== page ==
Bayonet Resolve builds stronger force

by Airman 1st Class Ciara M. Travis
86th Airlift Wing Public Affairs

“This is the first time a single squadron has put 10 C-130J Super Hercules aircraft into the air at once,” said Lt. Col. Driscoll, 37th Airlift Squadron chief pilot and mission commander.

Ten C-130J Super Hercules and a C-17 Globemaster III aircraft took off from Ramstein destined for Aviano Air Base, Italy, as part of Exercise Bayonet Resolve Wednesday.

Bayonet Resolve combined forces from several of Ramstein’s units and the 173rd Airborne Brigade Combat Team from Vicenza Army Base, Italy, to exercise the interoperability, war readiness and combat delivery capability of the Air Force and Army.

Initially brainstormed six months ago, Bayonet Resolve grew into a full “launching the fleet” exercise.

Each C-130, marked with chalk numbers, took-off from Ramstein’s flightline in the early morning hours and headed to Vicenza Army Base, where nearly 800 Army, 12 Air Force JTAC and 130 Polish air force jumpers awaited to load the planes according to chalk number.

“(Bayonet Resolve) is just a prime example of our Air Force and its capabilities,” Driscoll said. “We are building partnership capacities with Poland as they jump with us and also strengthening the bond between us and the Army.”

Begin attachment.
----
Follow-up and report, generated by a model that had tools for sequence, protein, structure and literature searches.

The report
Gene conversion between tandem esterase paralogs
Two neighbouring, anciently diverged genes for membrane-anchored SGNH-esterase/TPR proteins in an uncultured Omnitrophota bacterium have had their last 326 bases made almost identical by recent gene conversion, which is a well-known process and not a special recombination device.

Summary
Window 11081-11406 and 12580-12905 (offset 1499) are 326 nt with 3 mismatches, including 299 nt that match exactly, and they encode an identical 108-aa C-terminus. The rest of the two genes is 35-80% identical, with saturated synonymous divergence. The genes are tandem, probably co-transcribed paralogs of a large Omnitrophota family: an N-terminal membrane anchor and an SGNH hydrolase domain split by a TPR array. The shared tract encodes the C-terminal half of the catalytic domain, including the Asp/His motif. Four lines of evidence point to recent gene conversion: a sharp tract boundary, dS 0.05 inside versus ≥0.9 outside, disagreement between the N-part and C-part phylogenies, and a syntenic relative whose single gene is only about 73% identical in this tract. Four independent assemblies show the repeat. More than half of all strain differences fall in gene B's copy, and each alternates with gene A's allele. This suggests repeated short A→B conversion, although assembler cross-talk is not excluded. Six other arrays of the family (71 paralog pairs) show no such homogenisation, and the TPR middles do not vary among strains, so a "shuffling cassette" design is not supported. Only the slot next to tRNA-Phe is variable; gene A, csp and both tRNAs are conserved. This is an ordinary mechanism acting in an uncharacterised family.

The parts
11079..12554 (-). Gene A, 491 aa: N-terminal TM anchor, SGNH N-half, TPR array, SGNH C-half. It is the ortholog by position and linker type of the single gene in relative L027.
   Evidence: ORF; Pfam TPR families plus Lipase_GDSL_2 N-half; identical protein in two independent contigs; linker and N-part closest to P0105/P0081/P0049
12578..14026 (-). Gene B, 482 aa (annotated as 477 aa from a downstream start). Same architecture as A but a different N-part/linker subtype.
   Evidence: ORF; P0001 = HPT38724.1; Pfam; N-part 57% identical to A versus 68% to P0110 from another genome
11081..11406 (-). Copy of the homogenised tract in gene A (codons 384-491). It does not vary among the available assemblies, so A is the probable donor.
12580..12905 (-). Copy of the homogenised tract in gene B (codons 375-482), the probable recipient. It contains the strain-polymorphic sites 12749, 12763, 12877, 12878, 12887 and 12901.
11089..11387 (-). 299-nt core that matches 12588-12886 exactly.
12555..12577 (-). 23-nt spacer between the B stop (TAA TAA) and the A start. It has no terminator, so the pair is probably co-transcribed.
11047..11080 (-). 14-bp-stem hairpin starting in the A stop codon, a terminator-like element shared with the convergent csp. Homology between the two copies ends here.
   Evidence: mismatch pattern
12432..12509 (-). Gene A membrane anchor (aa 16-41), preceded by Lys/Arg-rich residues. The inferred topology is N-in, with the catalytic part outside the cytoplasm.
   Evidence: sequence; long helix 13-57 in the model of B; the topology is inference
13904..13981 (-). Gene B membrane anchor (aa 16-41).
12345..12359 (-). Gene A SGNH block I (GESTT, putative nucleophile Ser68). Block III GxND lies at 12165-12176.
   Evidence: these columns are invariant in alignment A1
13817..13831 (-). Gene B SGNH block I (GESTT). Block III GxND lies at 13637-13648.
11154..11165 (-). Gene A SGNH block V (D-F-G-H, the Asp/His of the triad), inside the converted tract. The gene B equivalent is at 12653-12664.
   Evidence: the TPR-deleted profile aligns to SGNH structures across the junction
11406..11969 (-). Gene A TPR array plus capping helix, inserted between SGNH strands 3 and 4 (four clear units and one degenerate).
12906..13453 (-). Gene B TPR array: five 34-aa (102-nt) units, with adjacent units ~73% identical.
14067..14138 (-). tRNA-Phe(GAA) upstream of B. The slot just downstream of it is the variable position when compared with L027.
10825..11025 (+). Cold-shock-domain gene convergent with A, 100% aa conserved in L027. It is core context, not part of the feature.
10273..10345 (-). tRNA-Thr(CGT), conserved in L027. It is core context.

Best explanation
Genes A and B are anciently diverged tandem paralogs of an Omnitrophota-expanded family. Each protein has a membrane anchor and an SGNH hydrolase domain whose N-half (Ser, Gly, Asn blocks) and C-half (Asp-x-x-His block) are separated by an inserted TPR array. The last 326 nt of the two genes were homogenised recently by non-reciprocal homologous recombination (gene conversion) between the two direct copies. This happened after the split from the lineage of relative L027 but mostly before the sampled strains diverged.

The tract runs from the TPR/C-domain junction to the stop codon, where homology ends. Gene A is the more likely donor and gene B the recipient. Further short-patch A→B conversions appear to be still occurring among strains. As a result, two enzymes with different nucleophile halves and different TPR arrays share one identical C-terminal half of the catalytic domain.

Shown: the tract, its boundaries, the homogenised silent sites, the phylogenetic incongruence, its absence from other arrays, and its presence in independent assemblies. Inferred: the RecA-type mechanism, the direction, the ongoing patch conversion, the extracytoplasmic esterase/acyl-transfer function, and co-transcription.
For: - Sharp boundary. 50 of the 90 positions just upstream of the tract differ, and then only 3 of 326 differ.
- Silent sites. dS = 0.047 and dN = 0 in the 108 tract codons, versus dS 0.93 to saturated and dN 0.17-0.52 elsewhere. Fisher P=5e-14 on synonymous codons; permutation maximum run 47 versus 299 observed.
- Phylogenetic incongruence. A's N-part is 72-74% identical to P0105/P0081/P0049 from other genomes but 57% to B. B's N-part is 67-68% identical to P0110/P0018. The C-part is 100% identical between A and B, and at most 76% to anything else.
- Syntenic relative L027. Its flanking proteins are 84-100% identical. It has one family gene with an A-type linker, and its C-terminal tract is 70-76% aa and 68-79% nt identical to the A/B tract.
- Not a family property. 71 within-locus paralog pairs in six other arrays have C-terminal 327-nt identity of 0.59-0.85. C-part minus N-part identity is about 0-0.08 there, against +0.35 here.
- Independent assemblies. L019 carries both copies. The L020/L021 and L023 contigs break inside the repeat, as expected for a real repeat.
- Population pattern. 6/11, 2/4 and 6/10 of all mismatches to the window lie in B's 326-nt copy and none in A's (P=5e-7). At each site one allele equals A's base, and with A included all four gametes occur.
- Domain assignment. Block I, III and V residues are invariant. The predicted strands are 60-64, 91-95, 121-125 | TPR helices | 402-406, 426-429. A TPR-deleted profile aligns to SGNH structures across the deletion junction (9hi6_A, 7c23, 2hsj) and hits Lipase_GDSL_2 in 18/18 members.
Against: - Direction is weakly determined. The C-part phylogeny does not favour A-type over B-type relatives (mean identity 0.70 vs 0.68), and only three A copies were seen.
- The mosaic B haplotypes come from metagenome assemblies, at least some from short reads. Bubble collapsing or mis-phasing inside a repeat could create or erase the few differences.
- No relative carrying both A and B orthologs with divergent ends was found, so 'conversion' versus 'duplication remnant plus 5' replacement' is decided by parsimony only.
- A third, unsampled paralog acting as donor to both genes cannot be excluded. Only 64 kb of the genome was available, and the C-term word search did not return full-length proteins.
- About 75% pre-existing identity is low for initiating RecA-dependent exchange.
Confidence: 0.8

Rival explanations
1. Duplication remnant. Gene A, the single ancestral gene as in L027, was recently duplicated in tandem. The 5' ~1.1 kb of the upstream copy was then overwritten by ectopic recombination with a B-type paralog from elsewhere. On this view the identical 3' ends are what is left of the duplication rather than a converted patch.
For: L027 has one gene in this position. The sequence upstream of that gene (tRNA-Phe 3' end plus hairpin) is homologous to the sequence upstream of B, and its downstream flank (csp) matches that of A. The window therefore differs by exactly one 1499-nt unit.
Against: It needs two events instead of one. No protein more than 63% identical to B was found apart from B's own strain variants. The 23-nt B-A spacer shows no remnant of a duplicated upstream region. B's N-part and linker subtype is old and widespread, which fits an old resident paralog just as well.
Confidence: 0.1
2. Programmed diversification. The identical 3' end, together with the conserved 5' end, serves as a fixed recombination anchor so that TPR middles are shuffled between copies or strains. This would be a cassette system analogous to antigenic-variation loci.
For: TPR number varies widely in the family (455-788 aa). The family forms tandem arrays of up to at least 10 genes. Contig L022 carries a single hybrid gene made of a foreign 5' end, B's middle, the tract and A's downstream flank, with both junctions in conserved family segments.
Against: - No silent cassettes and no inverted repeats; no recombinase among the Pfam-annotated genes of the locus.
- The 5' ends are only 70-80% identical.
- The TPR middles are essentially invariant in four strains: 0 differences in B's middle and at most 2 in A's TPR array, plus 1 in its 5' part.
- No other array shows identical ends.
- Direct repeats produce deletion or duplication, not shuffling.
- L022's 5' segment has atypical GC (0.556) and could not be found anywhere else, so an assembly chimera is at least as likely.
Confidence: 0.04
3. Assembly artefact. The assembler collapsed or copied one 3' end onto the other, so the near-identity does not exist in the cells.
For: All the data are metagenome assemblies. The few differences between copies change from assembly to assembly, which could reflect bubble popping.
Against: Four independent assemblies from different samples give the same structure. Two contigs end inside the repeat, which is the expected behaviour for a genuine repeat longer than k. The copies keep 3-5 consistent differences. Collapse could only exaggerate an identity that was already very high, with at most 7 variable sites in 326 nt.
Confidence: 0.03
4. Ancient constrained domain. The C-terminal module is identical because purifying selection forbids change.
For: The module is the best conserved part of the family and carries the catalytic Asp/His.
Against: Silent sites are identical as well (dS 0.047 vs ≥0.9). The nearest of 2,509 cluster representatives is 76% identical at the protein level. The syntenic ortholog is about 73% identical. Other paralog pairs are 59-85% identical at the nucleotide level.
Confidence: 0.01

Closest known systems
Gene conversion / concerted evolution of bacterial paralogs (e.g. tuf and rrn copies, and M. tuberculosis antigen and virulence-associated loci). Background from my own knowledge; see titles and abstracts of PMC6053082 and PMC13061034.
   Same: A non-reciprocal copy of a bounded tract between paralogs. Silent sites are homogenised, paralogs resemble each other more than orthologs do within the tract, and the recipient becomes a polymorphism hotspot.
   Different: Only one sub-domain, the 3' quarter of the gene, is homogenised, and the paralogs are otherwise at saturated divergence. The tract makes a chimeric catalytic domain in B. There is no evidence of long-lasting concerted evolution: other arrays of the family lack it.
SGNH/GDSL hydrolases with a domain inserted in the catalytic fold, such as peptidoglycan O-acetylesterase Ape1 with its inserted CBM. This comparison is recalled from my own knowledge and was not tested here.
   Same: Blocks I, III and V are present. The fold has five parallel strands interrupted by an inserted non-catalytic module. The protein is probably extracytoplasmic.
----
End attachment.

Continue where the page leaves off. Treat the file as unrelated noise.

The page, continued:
After each plane, loaded with 70 paratroopers, flew more than 600 kilometers, they arrived at the drop zone over Hohenfels Army Airfield.

“It’s interesting to watch because we Air Force and the Army speak a different language, yet we do the same job,” said Capt. Donovan Laskey, 37th AS pilot. “Bayonet Resolve is helping us build a stronger force for war readiness.”

In addition to strengthening the joint relationship between the Air Force and Army, the exercise helped bolster international partnerships as well.

“This training is also very important because it involves many European partners, including Poland and Slovenia,” said Army Maj. Timothy Chavis, 173rd ABCT public affairs officer. “(Overall), a full spectrum environment consists of offense, defense and stability operations.”

In a real-world situation, something like this could take up to two weeks to prepare for, Driscoll said.

“With all of the units involved, you can see how much work goes into getting the birds into the air,” the commander said. “The planning that made this exercise possible was extensive. We are using more than 75 percent of our fleet, not to mention all the work that goes in from everyone involved. Just some examples of those involved are airfield management, services to support flight kitchen and maintenance.”

Although joint operations are not unique to pilots from the 37th AS, the last mission that tested the unit to this level happened during Operation Enduring Freedom.

“This exercise is just an example of what our mission statement is all

about,” Driscoll said. “This is, by far, the most realistic exercise we could complete compared to a real-world situation.”